The first novels of the character arose in the context of the confiscation of the British Empire, on the eve of the Suez crisis and against the background of the Cold War. Very specific circumstances, which however would not prevent James Bond from adapting to later scenarios, as the cultural critic Elisa McCausland explains. “The configuration of the character corresponds to the technocratic and glamorous masculinity that is imposed as imaginary in the West after World War II. It could therefore be thought that it is outdated, but it is enough to observe the current advertising directed at the wealthy classes to have clear that the imaginary Bond continues in force “, assures McCausland. “In the power centers of the financial and political world, the ghost of Bond continues to float as a legitimation of a masculinity in a suit, stale perfume and a gold watch.”
Oyarzun, for his part, traces this codification of masculinity to a hundred years earlier, when he aligned himself with the Victorian period of the British Empire (1837-1901) and we located that golden era to which Fleming wanted to go back to constitute his hero. The epic of great men, theorized by Thomas Carlyle, he breathed through Bond before he even leapt into the movies and became an international success, delighting the world with his escapist adventures while channeling the patriotic aspirations of his fellow citizens. “The geopolitical fiction of James Bond is nothing more than the fantasy that Britain’s ability to shape the world, rather than disappear, has been transformed,” writes Oyarzun. “According to this postulate the empire, with its load of great illusions and masculine impetus, has not been suppressed but repressed: it has become ‘secret'”.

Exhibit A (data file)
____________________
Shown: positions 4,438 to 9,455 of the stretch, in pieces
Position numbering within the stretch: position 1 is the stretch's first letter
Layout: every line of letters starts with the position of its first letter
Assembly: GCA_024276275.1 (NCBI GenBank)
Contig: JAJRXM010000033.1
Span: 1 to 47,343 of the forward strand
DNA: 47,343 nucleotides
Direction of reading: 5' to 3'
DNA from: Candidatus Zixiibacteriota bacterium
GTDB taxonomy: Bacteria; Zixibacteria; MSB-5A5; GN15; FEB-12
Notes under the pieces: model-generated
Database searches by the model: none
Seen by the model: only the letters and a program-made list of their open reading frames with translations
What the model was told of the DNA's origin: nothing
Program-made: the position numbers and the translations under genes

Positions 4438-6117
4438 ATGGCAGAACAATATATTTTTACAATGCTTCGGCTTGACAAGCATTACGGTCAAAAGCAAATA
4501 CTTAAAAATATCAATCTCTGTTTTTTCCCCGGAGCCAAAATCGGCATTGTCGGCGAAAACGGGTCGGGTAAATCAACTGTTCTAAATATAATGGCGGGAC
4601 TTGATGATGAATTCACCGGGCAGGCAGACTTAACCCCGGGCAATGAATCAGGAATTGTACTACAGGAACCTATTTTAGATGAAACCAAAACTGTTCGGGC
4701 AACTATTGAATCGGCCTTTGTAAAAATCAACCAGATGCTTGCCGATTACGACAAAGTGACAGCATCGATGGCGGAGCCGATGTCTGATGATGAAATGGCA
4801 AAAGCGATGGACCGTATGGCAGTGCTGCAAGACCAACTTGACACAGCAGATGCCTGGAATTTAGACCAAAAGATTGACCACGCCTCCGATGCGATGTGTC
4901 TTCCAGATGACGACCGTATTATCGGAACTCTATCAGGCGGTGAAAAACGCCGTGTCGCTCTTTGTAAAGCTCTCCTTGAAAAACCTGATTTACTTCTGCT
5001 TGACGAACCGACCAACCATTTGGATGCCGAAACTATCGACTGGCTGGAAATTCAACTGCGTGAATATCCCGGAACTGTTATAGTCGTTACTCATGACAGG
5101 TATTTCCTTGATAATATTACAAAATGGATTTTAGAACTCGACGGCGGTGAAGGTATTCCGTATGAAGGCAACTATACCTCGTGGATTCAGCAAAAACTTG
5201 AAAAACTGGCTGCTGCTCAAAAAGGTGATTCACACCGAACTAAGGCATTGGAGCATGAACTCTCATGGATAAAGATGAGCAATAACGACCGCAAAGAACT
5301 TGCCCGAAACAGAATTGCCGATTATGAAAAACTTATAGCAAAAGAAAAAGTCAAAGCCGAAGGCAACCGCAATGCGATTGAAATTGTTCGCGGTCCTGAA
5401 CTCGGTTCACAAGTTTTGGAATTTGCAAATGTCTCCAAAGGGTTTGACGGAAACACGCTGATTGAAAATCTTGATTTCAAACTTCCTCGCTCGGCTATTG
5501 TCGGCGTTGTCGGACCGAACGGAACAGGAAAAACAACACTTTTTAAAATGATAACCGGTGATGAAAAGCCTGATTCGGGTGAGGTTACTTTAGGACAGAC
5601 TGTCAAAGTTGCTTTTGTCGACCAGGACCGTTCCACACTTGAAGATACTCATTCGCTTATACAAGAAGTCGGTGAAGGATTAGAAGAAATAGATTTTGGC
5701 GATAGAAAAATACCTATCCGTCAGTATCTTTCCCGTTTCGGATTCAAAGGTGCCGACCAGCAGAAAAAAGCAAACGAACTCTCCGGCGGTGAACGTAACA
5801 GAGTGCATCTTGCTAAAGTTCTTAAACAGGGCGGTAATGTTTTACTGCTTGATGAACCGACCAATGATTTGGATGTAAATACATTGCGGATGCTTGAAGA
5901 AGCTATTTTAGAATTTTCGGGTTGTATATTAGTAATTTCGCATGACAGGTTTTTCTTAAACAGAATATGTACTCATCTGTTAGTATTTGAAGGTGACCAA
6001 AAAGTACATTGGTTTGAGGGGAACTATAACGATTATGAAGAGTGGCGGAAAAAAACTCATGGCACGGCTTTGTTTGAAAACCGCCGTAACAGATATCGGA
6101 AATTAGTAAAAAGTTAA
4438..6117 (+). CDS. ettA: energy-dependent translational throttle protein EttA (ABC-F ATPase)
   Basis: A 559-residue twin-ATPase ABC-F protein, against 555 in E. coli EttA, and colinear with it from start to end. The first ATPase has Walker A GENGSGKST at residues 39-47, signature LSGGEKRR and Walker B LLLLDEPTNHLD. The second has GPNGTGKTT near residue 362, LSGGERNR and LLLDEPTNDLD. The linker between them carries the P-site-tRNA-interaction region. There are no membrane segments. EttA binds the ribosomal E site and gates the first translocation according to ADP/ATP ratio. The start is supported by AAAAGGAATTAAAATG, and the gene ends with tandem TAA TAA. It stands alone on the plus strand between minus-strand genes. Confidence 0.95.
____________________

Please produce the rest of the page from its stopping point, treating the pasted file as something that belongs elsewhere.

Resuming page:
Does this mean that James Bond is ideologically committed to Brexit? Oyarzun does not believe it, since he and McCausland coincide in pointing out a malleability inherent to the figure of 007, whoever its interpreter is: one that would conflict with the monolithic postulates that precipitated the United Kingdom’s departure from the European Union. “Diversity as a rational and integrating consequence, typical of the British, is part of the identity of James Bond”, concludes Oyarzun, while McCausland associates the nature of 007 as a liquid signifier with its adaptability. Whatever the historical moment, or the canonical manifestations of gender.
Each incarnation of Bond has supposed a sublimation of the imaginary ones of the masculinity of the moment and, in a certain way, also a critic to the previous ones, maintains McCausland. “George Lazenby’s Bond is a keen vision of the beta man, haunted by the presence of an alpha male he cannot impersonate; Roger Moore’s clown Bond reacts to second wave feminism; Pierce Brosnan’s Bond reaffirms his masculinity in the 90 like sparring of the typical strong women of the time … and as for Daniel Craig, he leads a reboot in the wake of Jason Bourne when, after the 9/11 attacks, it is impossible to believe an elegant super agent fighting sophisticated villains. “Craig is the Bond of our time, that is,” the archetype of a beast with a heart and without an identity, always on the run and trapped in a spectacular physique. “And his time is running out.
The most difficult mission